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That the draft Pneumoconiosis etc. (Workers’ Compensation) (Payment of Claims) (Amendment) Regulations 2013, which were laid before this House on 4 February, be approved.

Electricity

That the draft Renewables Obligation (Amendment) Order 2013, which was laid before this House on 4 February, be approved.

Tax Credits

That the draft Loss of Tax Credits Regulations 2013, which were laid before this House on 4 February, be approved.

Electronic Communications

That the draft Electronic Commerce Directive (Trafficking People for Exploitation) Regulations 2013, which were laid before this House on 28 January, be approved.—(Anne Milton.)

Question agreed to.

Delegated Legislation (Committees)

Ordered,

That the Measure passed by the General Synod of the Church of England, entitled Diocese in Europe Measure (HC 1020), which was laid before this House on 28 February, be referred to a Delegated Legislation Committee.—(Mr Lansley.)

Ordered,

That the Measure passed by the General Synod of the Church of England, entitled Clergy Discipline (Amendment) Measure (HC 1021), which was laid before this House on 28 February, be referred to a Delegated Legislation Committee.—(Mr Lansley.)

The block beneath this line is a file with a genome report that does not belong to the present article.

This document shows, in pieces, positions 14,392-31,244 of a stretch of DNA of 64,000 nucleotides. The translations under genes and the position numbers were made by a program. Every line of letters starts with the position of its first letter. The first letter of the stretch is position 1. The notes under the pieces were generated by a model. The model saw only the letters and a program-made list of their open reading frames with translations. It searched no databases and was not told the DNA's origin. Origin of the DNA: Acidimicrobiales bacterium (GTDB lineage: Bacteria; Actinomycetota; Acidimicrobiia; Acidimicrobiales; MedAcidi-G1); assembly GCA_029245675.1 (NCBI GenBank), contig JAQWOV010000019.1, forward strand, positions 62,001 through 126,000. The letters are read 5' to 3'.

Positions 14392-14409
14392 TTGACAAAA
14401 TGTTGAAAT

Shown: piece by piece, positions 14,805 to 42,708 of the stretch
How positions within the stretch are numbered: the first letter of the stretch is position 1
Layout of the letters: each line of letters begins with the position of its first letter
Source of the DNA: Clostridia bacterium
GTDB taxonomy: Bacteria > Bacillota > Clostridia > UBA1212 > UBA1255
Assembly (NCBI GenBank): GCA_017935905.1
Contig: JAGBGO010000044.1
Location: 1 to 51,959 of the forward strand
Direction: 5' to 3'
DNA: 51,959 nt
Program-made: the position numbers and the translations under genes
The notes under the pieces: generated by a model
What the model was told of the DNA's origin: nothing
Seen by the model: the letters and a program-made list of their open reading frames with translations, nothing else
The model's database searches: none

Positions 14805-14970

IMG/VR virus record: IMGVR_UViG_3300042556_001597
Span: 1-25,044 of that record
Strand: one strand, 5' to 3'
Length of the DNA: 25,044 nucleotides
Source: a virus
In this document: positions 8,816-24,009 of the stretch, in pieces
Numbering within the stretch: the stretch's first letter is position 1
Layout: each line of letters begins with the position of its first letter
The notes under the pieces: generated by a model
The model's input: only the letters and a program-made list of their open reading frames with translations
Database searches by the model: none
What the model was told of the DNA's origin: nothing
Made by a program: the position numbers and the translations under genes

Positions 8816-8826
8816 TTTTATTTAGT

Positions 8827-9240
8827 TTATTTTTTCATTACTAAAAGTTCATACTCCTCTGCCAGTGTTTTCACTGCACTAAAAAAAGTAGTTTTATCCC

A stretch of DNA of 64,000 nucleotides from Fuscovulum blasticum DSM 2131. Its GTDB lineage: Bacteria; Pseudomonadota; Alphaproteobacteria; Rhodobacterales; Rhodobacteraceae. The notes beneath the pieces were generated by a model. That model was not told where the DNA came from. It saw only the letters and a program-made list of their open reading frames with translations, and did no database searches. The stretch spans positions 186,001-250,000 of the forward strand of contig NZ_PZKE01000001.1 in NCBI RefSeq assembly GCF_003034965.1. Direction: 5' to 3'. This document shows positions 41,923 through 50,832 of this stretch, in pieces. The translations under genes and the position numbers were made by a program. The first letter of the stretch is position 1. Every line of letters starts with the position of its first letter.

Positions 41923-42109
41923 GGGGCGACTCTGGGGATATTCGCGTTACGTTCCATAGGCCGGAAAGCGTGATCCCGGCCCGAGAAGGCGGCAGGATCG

Mr Speaker: I issue my ritual appeal to Members leaving the Chamber, however unaccountably, to do so quickly and quietly so that the Adjournment debate can be launched by the hon. Member for Harwich and North Essex (Mr Jenkin).

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Economic Regeneration (Harwich)

Motion made, and Question proposed, That this House do now adjourn.—(Anne Milton.)

10.5 pm

Mr Bernard Jenkin (Harwich and North Essex) (Con): I am extremely pleased to have secured this debate on regeneration in Harwich. Harwich is both typical and exceptional. Harwich, Dovercourt and the surrounding area have suffered from the economic dislocation and isolation that has affected so many seaside towns and ports in the past 60 years or so. Throughout the Anglo-Dutch war of the 1670s, when Samuel Pepys was the local MP and secretary to the Navy board, to the Napoleonic wars, when Nelson himself oversaw the construction of the town’s defences, and the two world wars of the 20th century, Harwich was a key naval base. It closed, however, after the second world war.

During the ‘70s and ‘80s, the dock labour scheme drove the final nails into the coffin of the traditional ports industry, ensuring that the containerisation of freight was concentrated elsewhere. The huge opportunities promoted by Hutchison Ports for a five-berth container terminal at Bathside bay have so far been stymied by an excessively complex planning system and the downturn in world trade. Latterly, the chance of using that vast site for alternative economic development has been frustrated by the EU habitats directive.